A selection of intrepid Personnel Today hacks recently took part in a fencing lesson, and found that looking silly in a mask, flailing a rubber sword, makes for a great team bonding day. Helen Williams reports.
Do you know your feint from your foil, or your parry from your epee? This is just some of the terminology of the Olympic sport of fencing, which, as the Personnel Today team found out, is a lot more complicated than Johnny Depp makes it look in Pirates of the Caribbean.
Full of confidence, we headed off to a Surrey gym for a two-hour fencing lesson, courtesy of Red Letter Days. Half-an-hour in, we all looked both hot and slightly ridiculous in our masks and plastic body armour.
Our friendly instructor Nick Payne, a former British number one in the sport, took us through the basics.
He believes fencing makes a particularly good corporate bonding activity.
“It offers both a physical and mental challenge, and requires balance and co-ordination rather than just strength,” he says.
“As such it’s a great leveller, as all sexes, ages, and of course degrees of corporate seniority can take part together. Those who are usually meek and mild in the office can prove to be great fencers because they might be better at analysis – an important element of the sport.”
In the interest of basic common sense, we were only allowed to wield bendy beginners’ rubber foils, rather than the razor-sharp real thing, which made a peculiar buzzing noise every time they made contact with a sweaty colleague.
Clearly picturing ourselves as the next Errol Flynn or Luke Skywalker, we kicked off with a safety briefing and warm-up, followed by an introduction to the essential footwork.
Having equipped us with foils and masks, Payne took us through a few basic techniques. Within an hour we had entirely failed to master the lunge (self-explanatory), parry (attempting to block the attack), riposte (responding with your own lunge), and feint (moving your own foil out of the way of an attack and, theoretically, making contact with your opponent – much harder than Payne made it look).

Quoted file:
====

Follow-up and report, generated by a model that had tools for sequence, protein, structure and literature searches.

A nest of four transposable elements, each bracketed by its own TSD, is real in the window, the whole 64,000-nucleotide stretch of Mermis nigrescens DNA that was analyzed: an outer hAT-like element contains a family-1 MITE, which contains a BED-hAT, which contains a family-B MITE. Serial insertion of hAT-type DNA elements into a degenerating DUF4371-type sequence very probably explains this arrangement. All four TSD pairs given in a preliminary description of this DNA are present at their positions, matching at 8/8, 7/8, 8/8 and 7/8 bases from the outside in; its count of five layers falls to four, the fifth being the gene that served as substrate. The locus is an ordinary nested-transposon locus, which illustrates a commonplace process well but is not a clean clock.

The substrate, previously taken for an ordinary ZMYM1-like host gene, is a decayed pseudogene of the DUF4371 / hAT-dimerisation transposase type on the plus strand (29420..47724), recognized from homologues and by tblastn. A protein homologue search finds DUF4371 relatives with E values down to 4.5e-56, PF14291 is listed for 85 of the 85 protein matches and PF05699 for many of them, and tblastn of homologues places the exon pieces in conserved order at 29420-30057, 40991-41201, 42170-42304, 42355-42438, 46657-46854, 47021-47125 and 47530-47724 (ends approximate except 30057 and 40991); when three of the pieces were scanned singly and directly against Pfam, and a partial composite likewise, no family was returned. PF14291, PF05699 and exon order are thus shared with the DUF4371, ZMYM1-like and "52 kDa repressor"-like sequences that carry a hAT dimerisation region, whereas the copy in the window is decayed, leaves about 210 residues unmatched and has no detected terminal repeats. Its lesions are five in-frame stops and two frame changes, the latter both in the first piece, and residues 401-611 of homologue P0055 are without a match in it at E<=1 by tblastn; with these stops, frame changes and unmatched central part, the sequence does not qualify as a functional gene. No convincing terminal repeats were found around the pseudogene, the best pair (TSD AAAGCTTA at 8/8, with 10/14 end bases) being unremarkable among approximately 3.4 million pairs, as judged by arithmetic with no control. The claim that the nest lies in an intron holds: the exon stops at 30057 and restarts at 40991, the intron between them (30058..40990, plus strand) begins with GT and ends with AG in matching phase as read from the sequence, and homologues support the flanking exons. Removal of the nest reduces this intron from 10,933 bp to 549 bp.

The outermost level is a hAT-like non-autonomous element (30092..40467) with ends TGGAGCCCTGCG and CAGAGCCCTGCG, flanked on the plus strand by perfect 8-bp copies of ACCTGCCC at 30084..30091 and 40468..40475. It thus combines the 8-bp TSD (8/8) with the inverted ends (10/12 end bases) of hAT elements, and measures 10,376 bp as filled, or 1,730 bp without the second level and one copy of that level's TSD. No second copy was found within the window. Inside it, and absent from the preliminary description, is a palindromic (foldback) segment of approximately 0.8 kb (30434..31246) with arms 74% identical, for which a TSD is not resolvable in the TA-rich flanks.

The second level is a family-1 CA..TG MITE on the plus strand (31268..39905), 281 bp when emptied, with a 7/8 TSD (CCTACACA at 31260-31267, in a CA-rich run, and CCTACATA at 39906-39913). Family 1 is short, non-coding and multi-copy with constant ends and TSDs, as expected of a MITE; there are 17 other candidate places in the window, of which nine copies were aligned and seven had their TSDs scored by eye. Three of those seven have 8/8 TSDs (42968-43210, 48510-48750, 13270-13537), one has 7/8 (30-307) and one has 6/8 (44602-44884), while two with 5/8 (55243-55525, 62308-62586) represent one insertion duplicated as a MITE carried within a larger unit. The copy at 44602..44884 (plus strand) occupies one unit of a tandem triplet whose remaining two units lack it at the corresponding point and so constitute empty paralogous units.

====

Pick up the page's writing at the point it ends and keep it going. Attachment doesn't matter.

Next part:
Then it was into pairs for duelling and fighting games, before we put all we had learned into practice with a battle against an opposing team. The chance to try some real swashbuckling was great fun, and really brought out the competitive journalistic spirit in all of us, although sadly this enthusiasm had little effect on our technique.
Finally, we were given a demonstration of the three different swords used in fencing – a real foil, epee and particularly lethal-looking sabre, all used quite differently within the rules of fencing, and all far too dangerous to give to unco-ordinated hacks. We felt like Zorro though, even if we didn’t have quite the same panache, and that was enough for us.
What the Personnel Today team made of their swashbuckling session
- “It’s a terrific activity, and a great leveller. Because it’s a very niche sport, it’s pretty unlikely there’s anyone on a team who done it or even knows much about it, so everyone starts from the same level. What’s more the masks can make it difficult to recognise each other, so you can effectively attack your colleagues without them really knowing who it is. It was also great to see the extent to which people abandoned the instruction of the trainer in favour of some childish reckless swashbuckling more akin to kids TV classic Dogtanian.”
Rob Moss, web editor
- “This was a fun way to pretend to be in a film. The actual fights were definitely the best part – it’s a good thing the foils were rubber!”
Elaine Potter, picture researcher
- “What a great way to spend an afternoon. I am not quite up to standard of Geena Davis – who plays Morgan in Cutthroat Island – but who cares, it was fun.”
Linda Kimberley, events administrator
- “The childhood fantasy of hacking away at other people with real swords usually remains unfulfilled, so this was great fun. I’ve yet to see research that links declining engagement levels in the workplace with the lack of real-life sword fighting experience, but I’m sure it’s only a matter of time.”
Guy Logan, reporter
Red Letter Days goes mobile
Red Letter Days has launched mobile corporate events, taking experiences direct to corporate clients across the UK. Red Letter Rewards, the company’s corporate division, offer two options: either a taster event giving companies the opportunity to sample a number of experiences onsite at specialist venues, from beauty treatments to sushi making; or bring a selection of full experiences to company offices, venues and even homes. This is aimed at meeting increased demand for incentive and motivational activities, while minimising cost and time wasted on travel.